By: Fran Guilbault
The year 2002 seen the Mercer County Agricultural Society celebrating the 150th Anniversary of the first Mercer County Fair. But, it will not be the 150th County Fair. Mercer County Fairs have had a uneven history. The first fair was held in 1852, a one day event. There were again one day fairs held in 1853, 1854, and 1855. After that was a period of twelve years when no fairs were held, 1856 – 1867.
Then, in 1868 the Agricultural Society reorganized and announced that after a long lapse they planned to hold the First Annual Mercer County Fair. The Fair was to be held in the beautiful grove adjoining the Reservoir near Celina. The Fair was to be held on October 14, 15, and 16. The Society then started counting the “annual” fairs from that year. That would make the 2002 Fair, the 135th, except there were no fairs held in 1932, 1933, 1934, and 1949. So from the year of reorganization, the 2002 Fair will be the 135th held in Mercer County. Now, does all of that make sense to the reader? One thing is for sure; the year 2002 is the 150th Anniversary of the first Fair held.
Fairs go back a long ways in Ohio history. Besides being one of the big social events of the year in many counties, they also were created to find and reward the best agricultural products and techniques. The first Agricultural Society in Ohio was founded in 1818 in Trumbull County. Ashtabula County claims that they held the first Agricultural Fair in 1823. Geauga County still lays claims to having the oldest continusus Agricultural Fair held in Ohio. Historically speaking, the first Ohio State Fair was hel at Camp Washington near Cincinnati. It was sponsored in 1819 by the Cincinnati Society for the Promotion of Agriculture, Manufacturers, and Domestic Economy.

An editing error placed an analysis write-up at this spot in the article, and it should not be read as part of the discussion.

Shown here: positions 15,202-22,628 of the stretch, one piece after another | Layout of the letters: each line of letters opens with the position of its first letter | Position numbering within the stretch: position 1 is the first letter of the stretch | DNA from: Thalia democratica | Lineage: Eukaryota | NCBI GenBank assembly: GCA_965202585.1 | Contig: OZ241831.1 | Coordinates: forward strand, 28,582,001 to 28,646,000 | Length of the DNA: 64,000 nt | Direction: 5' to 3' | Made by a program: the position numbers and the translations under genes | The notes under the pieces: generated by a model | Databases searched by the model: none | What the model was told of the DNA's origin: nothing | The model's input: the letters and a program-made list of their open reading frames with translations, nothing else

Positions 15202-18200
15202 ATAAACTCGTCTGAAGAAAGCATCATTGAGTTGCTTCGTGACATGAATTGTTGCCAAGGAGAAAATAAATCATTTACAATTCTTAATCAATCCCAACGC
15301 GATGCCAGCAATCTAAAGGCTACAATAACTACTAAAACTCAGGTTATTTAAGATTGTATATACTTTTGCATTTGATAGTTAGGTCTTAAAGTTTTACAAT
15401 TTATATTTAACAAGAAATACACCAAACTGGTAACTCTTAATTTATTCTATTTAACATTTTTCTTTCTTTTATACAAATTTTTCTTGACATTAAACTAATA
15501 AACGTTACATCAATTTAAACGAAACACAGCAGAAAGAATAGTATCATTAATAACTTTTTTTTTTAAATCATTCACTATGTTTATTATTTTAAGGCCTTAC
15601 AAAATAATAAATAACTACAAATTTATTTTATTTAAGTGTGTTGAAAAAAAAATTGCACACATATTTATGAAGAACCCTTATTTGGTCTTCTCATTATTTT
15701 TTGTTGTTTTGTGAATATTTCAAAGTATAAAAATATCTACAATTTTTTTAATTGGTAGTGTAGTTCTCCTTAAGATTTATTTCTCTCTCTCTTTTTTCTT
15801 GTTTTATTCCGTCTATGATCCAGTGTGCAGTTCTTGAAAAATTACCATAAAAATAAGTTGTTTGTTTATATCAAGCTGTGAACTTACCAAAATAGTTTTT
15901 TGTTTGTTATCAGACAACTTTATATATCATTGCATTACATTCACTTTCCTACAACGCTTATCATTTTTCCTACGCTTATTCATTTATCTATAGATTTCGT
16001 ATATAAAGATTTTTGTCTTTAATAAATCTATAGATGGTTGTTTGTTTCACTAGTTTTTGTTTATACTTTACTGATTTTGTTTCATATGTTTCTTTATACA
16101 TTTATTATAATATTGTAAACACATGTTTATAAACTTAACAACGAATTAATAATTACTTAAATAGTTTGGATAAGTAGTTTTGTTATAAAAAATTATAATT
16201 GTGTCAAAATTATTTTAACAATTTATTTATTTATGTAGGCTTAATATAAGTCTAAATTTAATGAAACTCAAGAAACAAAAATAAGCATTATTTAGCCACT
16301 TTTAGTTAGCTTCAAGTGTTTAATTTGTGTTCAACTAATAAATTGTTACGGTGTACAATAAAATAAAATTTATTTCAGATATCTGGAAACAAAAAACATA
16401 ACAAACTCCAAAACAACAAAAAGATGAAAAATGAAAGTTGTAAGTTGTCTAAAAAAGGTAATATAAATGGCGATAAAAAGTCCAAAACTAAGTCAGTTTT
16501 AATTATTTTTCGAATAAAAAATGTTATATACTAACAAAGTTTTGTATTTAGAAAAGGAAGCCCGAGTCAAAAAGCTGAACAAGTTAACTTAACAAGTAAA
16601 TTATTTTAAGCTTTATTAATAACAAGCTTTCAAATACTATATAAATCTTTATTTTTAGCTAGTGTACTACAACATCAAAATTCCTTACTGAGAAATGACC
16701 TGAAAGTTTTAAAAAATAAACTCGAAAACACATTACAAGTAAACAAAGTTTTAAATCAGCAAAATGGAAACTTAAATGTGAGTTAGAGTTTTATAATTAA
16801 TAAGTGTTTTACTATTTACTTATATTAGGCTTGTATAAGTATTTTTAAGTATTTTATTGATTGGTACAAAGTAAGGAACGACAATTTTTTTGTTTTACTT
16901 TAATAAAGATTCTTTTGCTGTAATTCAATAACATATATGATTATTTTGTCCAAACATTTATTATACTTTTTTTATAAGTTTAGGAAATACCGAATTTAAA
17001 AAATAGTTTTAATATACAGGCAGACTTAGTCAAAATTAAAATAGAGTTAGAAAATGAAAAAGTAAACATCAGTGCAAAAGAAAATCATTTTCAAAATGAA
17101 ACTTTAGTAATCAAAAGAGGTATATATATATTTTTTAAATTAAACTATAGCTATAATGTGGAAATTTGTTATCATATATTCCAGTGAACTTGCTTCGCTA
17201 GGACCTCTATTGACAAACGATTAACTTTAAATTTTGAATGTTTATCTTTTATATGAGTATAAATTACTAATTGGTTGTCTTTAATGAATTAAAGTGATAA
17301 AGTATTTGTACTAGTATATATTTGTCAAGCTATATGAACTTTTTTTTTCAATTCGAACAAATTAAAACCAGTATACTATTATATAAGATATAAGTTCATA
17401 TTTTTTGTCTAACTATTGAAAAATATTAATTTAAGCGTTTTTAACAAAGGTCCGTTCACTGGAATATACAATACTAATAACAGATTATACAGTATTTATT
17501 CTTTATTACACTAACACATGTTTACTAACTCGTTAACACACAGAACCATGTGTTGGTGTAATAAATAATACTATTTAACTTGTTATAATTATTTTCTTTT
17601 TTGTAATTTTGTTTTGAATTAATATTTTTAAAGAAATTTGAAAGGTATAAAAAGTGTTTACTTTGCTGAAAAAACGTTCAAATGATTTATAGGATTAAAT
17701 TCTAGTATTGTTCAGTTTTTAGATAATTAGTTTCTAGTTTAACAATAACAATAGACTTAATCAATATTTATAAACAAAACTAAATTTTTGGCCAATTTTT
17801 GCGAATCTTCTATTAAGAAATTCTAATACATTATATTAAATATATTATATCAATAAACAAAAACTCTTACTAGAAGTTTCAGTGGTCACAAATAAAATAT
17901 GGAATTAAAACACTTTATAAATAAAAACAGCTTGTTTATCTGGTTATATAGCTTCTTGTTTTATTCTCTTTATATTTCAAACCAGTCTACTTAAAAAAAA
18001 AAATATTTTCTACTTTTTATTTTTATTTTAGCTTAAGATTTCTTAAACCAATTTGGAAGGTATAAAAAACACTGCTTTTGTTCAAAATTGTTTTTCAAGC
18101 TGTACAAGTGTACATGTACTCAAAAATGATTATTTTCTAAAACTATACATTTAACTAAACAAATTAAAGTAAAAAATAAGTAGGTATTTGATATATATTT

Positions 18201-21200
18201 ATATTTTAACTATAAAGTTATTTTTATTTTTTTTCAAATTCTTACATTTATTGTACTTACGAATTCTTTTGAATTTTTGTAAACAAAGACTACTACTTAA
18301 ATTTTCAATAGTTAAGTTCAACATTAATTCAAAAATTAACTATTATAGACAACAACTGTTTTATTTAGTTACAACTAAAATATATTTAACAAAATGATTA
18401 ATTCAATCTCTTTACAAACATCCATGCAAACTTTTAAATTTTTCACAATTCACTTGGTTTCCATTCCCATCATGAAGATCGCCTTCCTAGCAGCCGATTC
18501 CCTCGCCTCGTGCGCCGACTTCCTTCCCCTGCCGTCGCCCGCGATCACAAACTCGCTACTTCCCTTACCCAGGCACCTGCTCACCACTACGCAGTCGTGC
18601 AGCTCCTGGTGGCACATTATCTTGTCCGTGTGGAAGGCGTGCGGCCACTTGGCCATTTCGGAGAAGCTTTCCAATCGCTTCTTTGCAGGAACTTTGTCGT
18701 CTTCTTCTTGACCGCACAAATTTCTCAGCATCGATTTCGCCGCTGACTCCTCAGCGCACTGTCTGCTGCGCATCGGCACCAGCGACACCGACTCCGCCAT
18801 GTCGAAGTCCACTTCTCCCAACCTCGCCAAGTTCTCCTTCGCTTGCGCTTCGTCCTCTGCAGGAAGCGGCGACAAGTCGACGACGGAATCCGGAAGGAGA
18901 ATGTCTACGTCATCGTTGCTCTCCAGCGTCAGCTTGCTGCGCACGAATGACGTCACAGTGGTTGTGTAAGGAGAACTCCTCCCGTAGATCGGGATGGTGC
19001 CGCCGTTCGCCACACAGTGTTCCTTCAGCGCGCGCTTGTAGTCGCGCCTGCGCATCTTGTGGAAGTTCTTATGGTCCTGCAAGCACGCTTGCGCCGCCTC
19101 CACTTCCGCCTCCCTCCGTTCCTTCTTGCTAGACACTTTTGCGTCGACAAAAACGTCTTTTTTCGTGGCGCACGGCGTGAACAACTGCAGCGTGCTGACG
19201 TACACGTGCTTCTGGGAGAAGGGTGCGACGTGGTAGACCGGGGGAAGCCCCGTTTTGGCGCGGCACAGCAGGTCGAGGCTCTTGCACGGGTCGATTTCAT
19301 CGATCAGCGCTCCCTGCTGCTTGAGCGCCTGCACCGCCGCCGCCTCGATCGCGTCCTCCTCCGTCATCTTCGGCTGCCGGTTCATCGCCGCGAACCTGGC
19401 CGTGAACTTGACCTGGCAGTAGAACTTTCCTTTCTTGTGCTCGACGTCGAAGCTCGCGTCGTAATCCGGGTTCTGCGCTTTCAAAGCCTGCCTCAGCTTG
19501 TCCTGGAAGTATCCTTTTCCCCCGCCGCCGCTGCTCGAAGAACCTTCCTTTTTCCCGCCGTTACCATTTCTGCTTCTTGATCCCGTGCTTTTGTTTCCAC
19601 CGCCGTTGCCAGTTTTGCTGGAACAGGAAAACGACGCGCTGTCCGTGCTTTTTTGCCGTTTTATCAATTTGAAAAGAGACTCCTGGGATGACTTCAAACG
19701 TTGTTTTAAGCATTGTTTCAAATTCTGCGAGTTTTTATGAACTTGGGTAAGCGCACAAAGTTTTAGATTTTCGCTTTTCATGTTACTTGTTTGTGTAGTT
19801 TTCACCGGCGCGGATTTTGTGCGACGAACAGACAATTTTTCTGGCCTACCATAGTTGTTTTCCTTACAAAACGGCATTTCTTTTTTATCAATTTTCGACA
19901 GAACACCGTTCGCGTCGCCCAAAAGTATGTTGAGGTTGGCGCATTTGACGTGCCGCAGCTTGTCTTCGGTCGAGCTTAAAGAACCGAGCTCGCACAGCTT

From the earliest days fires were always a big danger at the early fairs and fairgrounds. The buildings and grandstand were made from wood and there were many open fires for cooking at the fairs. As a result, the early years saw many fires at the fair sites. This was something that was also seen at the Mercer County Fairgrounds. There were also serious calamities that affected most fairs over the years, such as; the Civil War, World War II, the Great Depression, and the polio epidemic. These also had an effect on the local Fair. Mercer County did continue the Fairs during World War II. The war ended during the 1945 Fair. It was reported that when the announcement was made, so many people threw their ration tokens and food stamps into the air that it looked like flying confetti.
The story of the county fairs began in Ohio in 1846 when the Ohio Legislature created the Board of Agriculture. Very successful district fairs were held in Wilmington in 1847 and Xenia in 1848. It was in 1847, that the Mercer County Agricultural Society was first formed. After seeing the success of the district fairs, the first official Ohio State Fair was scheduled for September 1849. It was not held; an outbreak of Asiatic Cholera forced its cancellation. Finally, in 1850 the First Ohio State Fair was held outside of Cincinnati. It was a two day affair. Admission was 20 cents, and the two day affair had an attendance of close to 30,000 people. The Grange, founded in 1867 as the Patrons of Husbandry, also contributed to the betterment of agriculture.